I'm a Fan.

Gayla's most recent book - 'Grow Great Grub - Organic Food from Small Spaces' is a must-have.

When choosing a book to give as a gift, I run through a mental checklist.  Does it fit the recipient's personality?  Is the subject engaging?  Will it be cherished and enrich the life of the person I give it to?  No matter who the giftee may be, the answers to these questions are YES, YES and a resounding YES when the book is written by Gayla Trail.

Gayla is a Toronto author, blogger, and small-space/guerrilla gardening champion.  I don't mind telling you that she's one of my heroes.  Her website, You Grow Girl is a wealth of information and inspiration for newbies and seasoned gardeners alike, and includes her awesome blog as well as one of the best gardening forums on the internet.  I first discovered the site in 2005, when I was given Gayla's first book as a gift, entitled You Grow Girl: The Groundbreaking Guide to Gardening

My introduction to Gayla's writing opened new doors.

I devoured  'You Grow Girl', reading it cover to cover at least a dozen times in the first month it fell into my hands.  Shortly after, I found myself in the position to put the book into practice when I moved to an apartment in the States where my only gardening space was a partially shaded balcony.  If not for the book, I'd likely have determined that growing anything in this teeny situation was impossible... but that summer I enjoyed herbs, strawberries, peppers and loads of flowers thanks to Gayla's sound advice and creative small-space solutions.  I didn't know it at the time, but Mo Farm was growing in my heart and mind from the moment I picked the first strawberry that very summer.

Years later, with an actual garden to play in and much more experience under my belt, I was thrilled to hear that a new book was on the horizon for Gayla, and I rushed to pre-order it.  When Grow Great Grub: Organic Food from Small Spaces landed in my mailbox, it was like 'You Grow Girl' all over again.  I read it.  And re-read it.  And re-re-read it.  I filled it with sticky notes and scribbles, compiling lists of varieties that I wanted to try, projects to undertake, and tips I needed to share.  I've bought both of Gayla's books for countless friends, and they're among the most deeply cherished things that I own.  I know from her blog that a new book is on its' way, and trust me when I say I'll be first in line to get it.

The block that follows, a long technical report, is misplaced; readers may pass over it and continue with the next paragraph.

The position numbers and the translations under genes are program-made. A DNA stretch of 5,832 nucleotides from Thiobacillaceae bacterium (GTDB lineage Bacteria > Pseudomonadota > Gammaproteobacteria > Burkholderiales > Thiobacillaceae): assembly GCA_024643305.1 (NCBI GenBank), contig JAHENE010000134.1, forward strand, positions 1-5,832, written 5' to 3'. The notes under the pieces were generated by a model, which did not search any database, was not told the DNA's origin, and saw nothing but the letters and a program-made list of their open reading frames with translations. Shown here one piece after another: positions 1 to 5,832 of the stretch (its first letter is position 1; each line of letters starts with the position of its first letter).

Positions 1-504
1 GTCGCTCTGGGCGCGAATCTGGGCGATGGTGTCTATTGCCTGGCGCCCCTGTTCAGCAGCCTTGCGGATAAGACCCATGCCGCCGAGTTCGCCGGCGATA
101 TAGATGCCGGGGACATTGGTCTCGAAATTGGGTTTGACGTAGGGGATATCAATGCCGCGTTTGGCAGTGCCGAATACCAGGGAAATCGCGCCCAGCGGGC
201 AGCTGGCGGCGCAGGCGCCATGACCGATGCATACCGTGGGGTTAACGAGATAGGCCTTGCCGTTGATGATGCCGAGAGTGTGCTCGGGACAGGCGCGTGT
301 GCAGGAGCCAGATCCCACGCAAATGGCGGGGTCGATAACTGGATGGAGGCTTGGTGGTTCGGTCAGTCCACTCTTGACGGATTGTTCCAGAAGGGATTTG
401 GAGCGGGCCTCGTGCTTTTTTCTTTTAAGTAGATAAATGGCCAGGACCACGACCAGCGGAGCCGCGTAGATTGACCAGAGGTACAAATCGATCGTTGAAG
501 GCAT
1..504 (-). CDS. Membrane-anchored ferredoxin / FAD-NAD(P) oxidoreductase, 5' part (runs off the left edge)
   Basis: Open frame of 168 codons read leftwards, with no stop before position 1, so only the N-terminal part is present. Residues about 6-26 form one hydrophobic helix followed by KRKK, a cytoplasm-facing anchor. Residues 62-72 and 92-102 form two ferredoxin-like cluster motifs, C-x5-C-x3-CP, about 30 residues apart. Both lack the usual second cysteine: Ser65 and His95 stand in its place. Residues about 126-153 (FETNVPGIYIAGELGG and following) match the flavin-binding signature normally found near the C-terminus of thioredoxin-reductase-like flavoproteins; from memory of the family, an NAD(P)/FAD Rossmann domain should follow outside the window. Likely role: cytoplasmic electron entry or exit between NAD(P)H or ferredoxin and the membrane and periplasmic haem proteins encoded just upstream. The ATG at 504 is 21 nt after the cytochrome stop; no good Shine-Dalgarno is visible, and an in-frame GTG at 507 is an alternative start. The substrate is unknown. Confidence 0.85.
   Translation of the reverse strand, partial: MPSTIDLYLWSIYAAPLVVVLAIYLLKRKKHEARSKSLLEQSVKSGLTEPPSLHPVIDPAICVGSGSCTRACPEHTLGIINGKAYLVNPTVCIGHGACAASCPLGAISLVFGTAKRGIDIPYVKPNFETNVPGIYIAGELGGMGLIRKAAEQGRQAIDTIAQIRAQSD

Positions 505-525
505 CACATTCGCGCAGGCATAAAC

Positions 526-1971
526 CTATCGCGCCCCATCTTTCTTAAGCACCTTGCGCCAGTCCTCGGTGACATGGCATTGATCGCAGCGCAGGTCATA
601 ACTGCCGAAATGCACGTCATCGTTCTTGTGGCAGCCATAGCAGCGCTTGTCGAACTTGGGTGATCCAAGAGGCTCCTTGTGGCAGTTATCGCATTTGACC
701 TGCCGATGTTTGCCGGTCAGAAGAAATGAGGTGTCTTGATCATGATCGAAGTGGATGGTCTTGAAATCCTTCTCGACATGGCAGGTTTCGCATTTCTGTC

Stuck for a last-minute gift?  You gotta get Gayla! 

Better Than a Book

My first copy of Urban Farm... the beginning of a love affair
The other day, much to my delight, I discovered that Urban Farm magazine is now available by subscription.  Huzzah!  My friend happened upon this new publication last spring and brought it into the office, then in its' second edition (pictured above).  It was love at first glance!  I thumbed through the pages, drinking them in, and realized that there was no possible way that I could leave it at the office... this was going to have to be an overnighter.  Weeks later, I finally tracked down another copy of the issue - I had to buy it to replace the worn and dog-eared, post-it-note-ridden, overly-read copy that I'd commandeered from my officemate.  

Since then, I've become an avid hunter of Urban Farm... sometimes found with a bit of luck at Chapters, but more commonly discovered while unearthing hidden, scattered copies underneath piles of 'Country Living' and 'Good Housekeeping' at obscure grocery stores.  The search is over!  

Urban Farm is a new breed of gardening mag, focusing on sustainable city living with practical and creative advice from real 'urban farmers' on topics ranging from growing organic vegetables and improving your composting techniques to keeping city chickens, capturing and using rainwater effectively or starting a community garden.  It's seriously bad-ass, and I always recommend it to anyone who is interested in putting their backyard to better use.  The only downfall has been that it's generally pretty difficult to find - but now it will drop safely at my door!  Perfect! 

Now, off to trick my husband into buying me a subscription for Christmas...